Considerations for Transitioning From the use of one Orthopoxvirus Vaccine to the Other for Booster Doses

Persons who previously received ACAM2000 should decide before their next booster dose whether to receive ACAM2000 or JYNNEOS. Persons who transition to receiving JYNNEOS boosters are expected to continue receiving JYNNEOS boosters and to not revert to ACAM2000; in addition, the frequency of booster doses should correspond to the vaccine used for boosters. For example, persons who previously received ACAM2000 every 3 years because of work with more virulent orthopoxviruses might decide to change to JYNNEOS when their next booster dose is due; in these cases, subsequent JYNNEOS booster doses should be administered every 2 years.

Fewer persons are expected to transition from JYNNEOS to ACAM2000; however, if those situations arise, they should be handled on a case-by-case basis. If this transition is approved by public health authorities, vaccinees should be advised that the expectation is that they will receive ACAM2000 for all future vaccine booster doses.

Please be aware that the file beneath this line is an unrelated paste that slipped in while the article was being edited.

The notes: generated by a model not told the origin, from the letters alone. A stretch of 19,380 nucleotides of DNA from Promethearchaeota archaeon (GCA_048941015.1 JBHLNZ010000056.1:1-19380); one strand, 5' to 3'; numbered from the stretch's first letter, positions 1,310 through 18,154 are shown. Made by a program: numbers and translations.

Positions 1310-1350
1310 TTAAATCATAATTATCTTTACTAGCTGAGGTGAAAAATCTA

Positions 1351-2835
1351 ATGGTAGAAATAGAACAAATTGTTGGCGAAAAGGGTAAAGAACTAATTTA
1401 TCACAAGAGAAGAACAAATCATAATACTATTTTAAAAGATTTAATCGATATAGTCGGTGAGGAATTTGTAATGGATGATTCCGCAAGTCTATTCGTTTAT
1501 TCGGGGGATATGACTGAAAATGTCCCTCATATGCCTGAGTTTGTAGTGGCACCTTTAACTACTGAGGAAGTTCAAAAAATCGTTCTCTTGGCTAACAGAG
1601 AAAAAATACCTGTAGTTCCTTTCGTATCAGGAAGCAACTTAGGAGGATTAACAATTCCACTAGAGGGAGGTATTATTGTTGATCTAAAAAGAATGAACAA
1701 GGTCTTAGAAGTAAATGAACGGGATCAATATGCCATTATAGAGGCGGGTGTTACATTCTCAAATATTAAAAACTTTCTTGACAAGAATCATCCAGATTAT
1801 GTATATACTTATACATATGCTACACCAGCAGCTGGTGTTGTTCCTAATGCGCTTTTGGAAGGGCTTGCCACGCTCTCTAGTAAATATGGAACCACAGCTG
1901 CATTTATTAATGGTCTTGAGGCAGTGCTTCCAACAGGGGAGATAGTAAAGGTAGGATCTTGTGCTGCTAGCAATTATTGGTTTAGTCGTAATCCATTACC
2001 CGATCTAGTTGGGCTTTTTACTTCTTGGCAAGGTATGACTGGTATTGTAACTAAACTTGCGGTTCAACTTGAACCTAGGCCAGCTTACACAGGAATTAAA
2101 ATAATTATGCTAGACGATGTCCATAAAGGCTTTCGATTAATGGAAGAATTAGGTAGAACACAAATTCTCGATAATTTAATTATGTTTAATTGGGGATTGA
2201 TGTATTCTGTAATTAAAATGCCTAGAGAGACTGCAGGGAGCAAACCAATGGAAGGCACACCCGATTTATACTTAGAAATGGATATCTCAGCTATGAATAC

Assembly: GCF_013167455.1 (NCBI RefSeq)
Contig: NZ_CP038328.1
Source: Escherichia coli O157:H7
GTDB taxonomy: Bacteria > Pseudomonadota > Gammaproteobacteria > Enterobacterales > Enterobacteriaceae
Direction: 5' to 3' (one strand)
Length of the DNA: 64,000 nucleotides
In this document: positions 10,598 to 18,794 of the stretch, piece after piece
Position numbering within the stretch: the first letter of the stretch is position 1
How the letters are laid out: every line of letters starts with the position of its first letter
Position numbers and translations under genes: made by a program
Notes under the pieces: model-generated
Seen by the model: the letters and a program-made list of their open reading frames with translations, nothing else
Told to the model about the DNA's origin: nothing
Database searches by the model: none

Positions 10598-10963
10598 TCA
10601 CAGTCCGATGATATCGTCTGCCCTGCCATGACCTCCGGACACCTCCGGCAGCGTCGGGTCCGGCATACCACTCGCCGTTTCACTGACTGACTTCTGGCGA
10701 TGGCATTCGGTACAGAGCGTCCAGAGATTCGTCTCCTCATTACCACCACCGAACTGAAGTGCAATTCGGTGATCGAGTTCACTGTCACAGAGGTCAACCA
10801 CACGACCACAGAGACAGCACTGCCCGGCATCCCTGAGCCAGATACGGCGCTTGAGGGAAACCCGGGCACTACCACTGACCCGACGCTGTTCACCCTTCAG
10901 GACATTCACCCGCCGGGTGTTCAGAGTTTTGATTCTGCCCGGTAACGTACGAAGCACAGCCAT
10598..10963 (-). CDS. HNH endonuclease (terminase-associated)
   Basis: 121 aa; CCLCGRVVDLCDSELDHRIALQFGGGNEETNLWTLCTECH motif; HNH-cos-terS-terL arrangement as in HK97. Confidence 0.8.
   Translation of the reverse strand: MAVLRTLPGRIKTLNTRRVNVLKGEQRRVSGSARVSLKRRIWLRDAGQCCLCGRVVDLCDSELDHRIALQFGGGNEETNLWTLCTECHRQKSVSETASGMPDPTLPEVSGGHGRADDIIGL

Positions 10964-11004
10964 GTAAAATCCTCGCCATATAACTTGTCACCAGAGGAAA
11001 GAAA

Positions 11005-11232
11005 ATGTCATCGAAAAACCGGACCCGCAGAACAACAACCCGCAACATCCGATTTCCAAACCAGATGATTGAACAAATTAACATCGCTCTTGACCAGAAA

Contraindications to and Precautions Associated With Vaccinations to Prevent Orthopoxvirus Infections

JYNNEOS is contraindicated in persons with a serious allergy to a vaccine component (Table 3). Primary vaccination with ACAM2000 is contraindicated in persons with the following conditions: serious allergy to a vaccine component, history of atopic dermatitis or other exfoliative skin condition,**** an immunocompromising condition (e.g., due to a disease or therapeutics),†††† pregnancy, breastfeeding, and known underlying heart disease (e.g., coronary artery disease or cardiomyopathy). ACAM2000 vaccination is also contraindicated if the vaccine recipient cannot sufficiently isolate from household contacts who have a history of atopic dermatitis or other active exfoliative skin condition, an immunocompromising condition, or who are pregnant or aged <1 year; household contacts include persons with prolonged intimate contact with the potential vaccine recipient and others who might have direct contact with the vaccination site or with potentially contaminated materials (e.g., clothing or vaccination site dressings). Availability of JYNNEOS provides opportunities for vaccinating persons in situations where ACAM2000 might be contraindicated.